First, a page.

Paris through an American Eye

Years after I left my native France and my beloved Paris, my ears and eyes identify in a heartbeat a word said or written in French. French language is and will always be mine. And in a jealous way, France and Paris belong also to me even if I am far away from them.
So there was no way I could miss A Paris Farewell in The New York Times (March 27)
Ah! the cover picture! La Seine, the queen of all rivers.
The article tells of the Left and Right Banks, divided by the Seine. According to the writer, the two banks are more a travel guide thing than a real tangible frontier. She makes a distinction between east and west of Paris and she has a point.
As a former Parisian, I relate even more to arrondissements. Since I have lived in the 18th, the 13th, the 11th, the 12th and worked in the 14th, I am from the Left and the Right banks, from east and west.
Paris as any major city is ever changing, pushing its frontiers as the population grows and evolves. Living in Paris, I saw the death and birth of entire quartiers.
Beaubourg and the Halles, first “mall” looking shopping area, replacing the traditional food market where my father unloaded his truck several times a week until the early 70s. The first café Coste. The modern and then controversial Centre Beaubourg, launched through Georges Pompidou’s presidency.
La Villette, the old meat market, giving place to museums with the local brasseries and cafés attracting a younger crowd.
The Bastille area and the arrival of ethnic and hip restaurants when l’Opéra Bastille opened during François Mitterand’s presidency. The typical working class quartier evolving into a trendier and seek after neighborhood.
My working class 12th arrondissement, now home to exclusive art galleries and expensive apartments, while the Marais and its small restaurants with menus prix fixe, where the owners knew me and my husband before we were married, has become an upscale overpriced area.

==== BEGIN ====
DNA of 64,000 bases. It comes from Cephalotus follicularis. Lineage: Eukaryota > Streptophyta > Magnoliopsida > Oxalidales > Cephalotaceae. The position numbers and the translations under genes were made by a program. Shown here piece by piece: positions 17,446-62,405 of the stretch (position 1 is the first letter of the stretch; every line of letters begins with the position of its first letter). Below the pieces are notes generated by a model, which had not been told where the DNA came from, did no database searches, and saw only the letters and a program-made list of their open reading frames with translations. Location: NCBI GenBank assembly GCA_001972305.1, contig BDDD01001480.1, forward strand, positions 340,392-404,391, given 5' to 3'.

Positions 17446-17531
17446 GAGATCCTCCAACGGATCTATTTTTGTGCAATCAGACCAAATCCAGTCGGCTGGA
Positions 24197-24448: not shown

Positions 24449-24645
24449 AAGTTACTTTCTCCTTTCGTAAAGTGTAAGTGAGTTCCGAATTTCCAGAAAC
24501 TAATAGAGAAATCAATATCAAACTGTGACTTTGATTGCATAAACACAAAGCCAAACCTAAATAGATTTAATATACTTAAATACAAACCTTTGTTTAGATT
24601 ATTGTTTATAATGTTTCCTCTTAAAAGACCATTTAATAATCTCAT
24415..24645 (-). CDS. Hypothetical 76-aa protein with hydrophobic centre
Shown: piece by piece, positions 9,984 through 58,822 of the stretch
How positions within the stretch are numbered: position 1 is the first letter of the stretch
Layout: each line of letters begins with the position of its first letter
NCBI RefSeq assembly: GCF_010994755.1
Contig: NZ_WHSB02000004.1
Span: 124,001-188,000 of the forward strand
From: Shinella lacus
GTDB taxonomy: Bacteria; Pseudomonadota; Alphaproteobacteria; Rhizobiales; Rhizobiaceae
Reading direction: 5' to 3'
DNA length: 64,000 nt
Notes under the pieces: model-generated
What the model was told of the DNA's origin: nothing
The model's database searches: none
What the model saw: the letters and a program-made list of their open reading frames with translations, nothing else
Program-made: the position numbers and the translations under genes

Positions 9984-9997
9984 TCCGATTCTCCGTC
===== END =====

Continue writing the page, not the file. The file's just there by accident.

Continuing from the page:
My first neighborhood, tucked a block away from the Boulevard Rochechouart in the 18th arrondissement, is now home to the largest African community in Paris.
La Sorbonne where my husband and I were students has closed its doors to unannounced visitors.

I wasn’t too nostalgic when I finished reading A Paris Farewell. But it made me definitively hungry since it is an article articulated around food. And, no offense to anyone, and certainly not to California and its bounty of fresh produce and innovative chefs, or New York with its creative cuisine, but no other city can rival Paris when it comes to food.
Although most restaurants mentioned are unknown to the American I became, I felt a pang of envy for the Canal Saint Martin, one of my very favorite parts of Paris, way before it became the trendy neighborhood it is now.
But in the end, perhaps more than nostalgic or hungry, I felt lucky.
Lucky that Paris is intimately part of who I am, regardless of the distance between us.
Lucky to have known a Paris that was still affordable, that was unlike any other city, not quaint, not over sophisticated, still dirty and grey, before the façades of the buildings were restored, before the sanisettes (Decaux chemical toilets) replaced the dames pipi and the urinoirs.
A Paris I have never been able to say farewell to yet.

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